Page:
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Westboro Protests SEAL Funeral Procession

As if to remind the everyone of why they are appearing as defendants in a case before the U.S. Supreme Court Oct. 6, members of a controversial church that protests at the funerals of fallen American troops demonstrated yesterday along the funeral route of a Navy SEAL being buried at Arlington National Cemetery.

But as the funeral procession of Navy Lt. Brendan Looney, 29, of Silver Spring, Md., drove along Memorial Drive to Arlington a group of motorcyclists revved their engines to drown out the voices of the protesters, according to a report in The Washington Post.

Typical of the members of the Westboro Baptist Church, some held signs reading “Thank God for Dead Soldiers” and “Thank God for IEDs.” The church contends that God is behind the deaths of U.S. servicemembers because the country has fallen into sin.

On Oct. 6 the Supreme Court will hear oral arguments in a case brought against Westboro church leader Frederick Phelps by Albert Snyder, the father of a Marine lance corporal whose funeral Westboro protested in 2006. Snyder successfully sued Phelps and Westboro in 2007, winning $2.9 million in damages.

But last year the U.S. Court of Appeals in Virginia overturned the ruling on the grounds Westboro’s outrageous protests amounted to “sheer hyperbole” and so was entitled to protection under the First Amendment.

The federal appeals court also ordered Snyder to pay Phelps’ court costs, which totaled more than $16,000. Snyder appealed to the Supreme Court, which now will be the final legal arbiter over whether Westboro’s protests are protected speech.

As usual when Westboro members protest a fallen troops’ service, a group of motorcyclists turned up to try and keep the sight and sounds of the church members out of eye- and ear-shot of the grieving family. Though not identified in the Post report the bikers likely were members of the Patriot Guard Riders, a mostly veteran motorcycle group that has dedicated itself to running interference against the Westboro protesters.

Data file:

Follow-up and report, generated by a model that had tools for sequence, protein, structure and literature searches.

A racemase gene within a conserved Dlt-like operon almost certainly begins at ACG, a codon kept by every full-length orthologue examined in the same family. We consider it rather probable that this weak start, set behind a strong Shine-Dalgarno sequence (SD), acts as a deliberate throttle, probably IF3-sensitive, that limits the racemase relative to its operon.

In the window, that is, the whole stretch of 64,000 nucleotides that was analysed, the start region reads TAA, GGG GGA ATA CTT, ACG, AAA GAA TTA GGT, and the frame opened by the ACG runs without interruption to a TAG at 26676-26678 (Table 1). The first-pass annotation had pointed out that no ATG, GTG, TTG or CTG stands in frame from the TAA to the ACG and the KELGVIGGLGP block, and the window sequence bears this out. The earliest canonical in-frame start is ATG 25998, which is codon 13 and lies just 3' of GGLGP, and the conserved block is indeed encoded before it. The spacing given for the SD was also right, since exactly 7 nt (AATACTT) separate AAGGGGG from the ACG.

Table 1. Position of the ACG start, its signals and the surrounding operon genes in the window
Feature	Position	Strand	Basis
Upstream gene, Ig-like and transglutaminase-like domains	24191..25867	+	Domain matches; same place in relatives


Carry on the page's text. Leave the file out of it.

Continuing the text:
The Westboro protesters raised their signs as Looney’s funeral began to pass. But the bikers already had their engines revving, the Post reported, “to ear-splitting levels.”

Looney, a 2004 Naval Academy graduate, was one of nine U.S. servicemembers killed last month when their helicopter crashed in Afghanistan.

Despite widespread and general repugnance of Westboro’s protests, the church has drawn some reluctant support from civil rights and media organizations who contend that the ugly demonstrations are protected speech, just as the appeals court ruled. Attorney David Rocah of the American Civil Liberties Union Foundation of Maryland, has been reported calling Westboro’s protests “really, really hateful and disgusting speech,” but said it needs to be protected.

But Snyder attorney Craig Trebilcock told contributor Andrew Lubin recently that the case before the Supreme Court was not a First Amendment case because Westboro did more than just protest the young Marine’s funeral.

“Instead, they subjected the Snyder family to a reign of harassment prior to their son’s funeral to two weeks afterwards, which changed the case from a federal freedom of speech issue to one of harassment and conspiracy, which is instead a civil issue.”

Greg Rinckey, lawyer and partner of Tully Rinckey of Virginia, said “sympathy is clearly with the family” on the case, but that will not be what the Supreme Court will base a decision on.

“The protesters have a strong First Amendment right,” he told “But not all speech is protected. You can’t run up to someone and call them a ‘faggot’ or a ‘slut.’… That’s where the justices are going to look at this.”

That said, however, Rinckey believes the high court will rule in favor of Westboro. “I don’t agree with it, but I think they will.”


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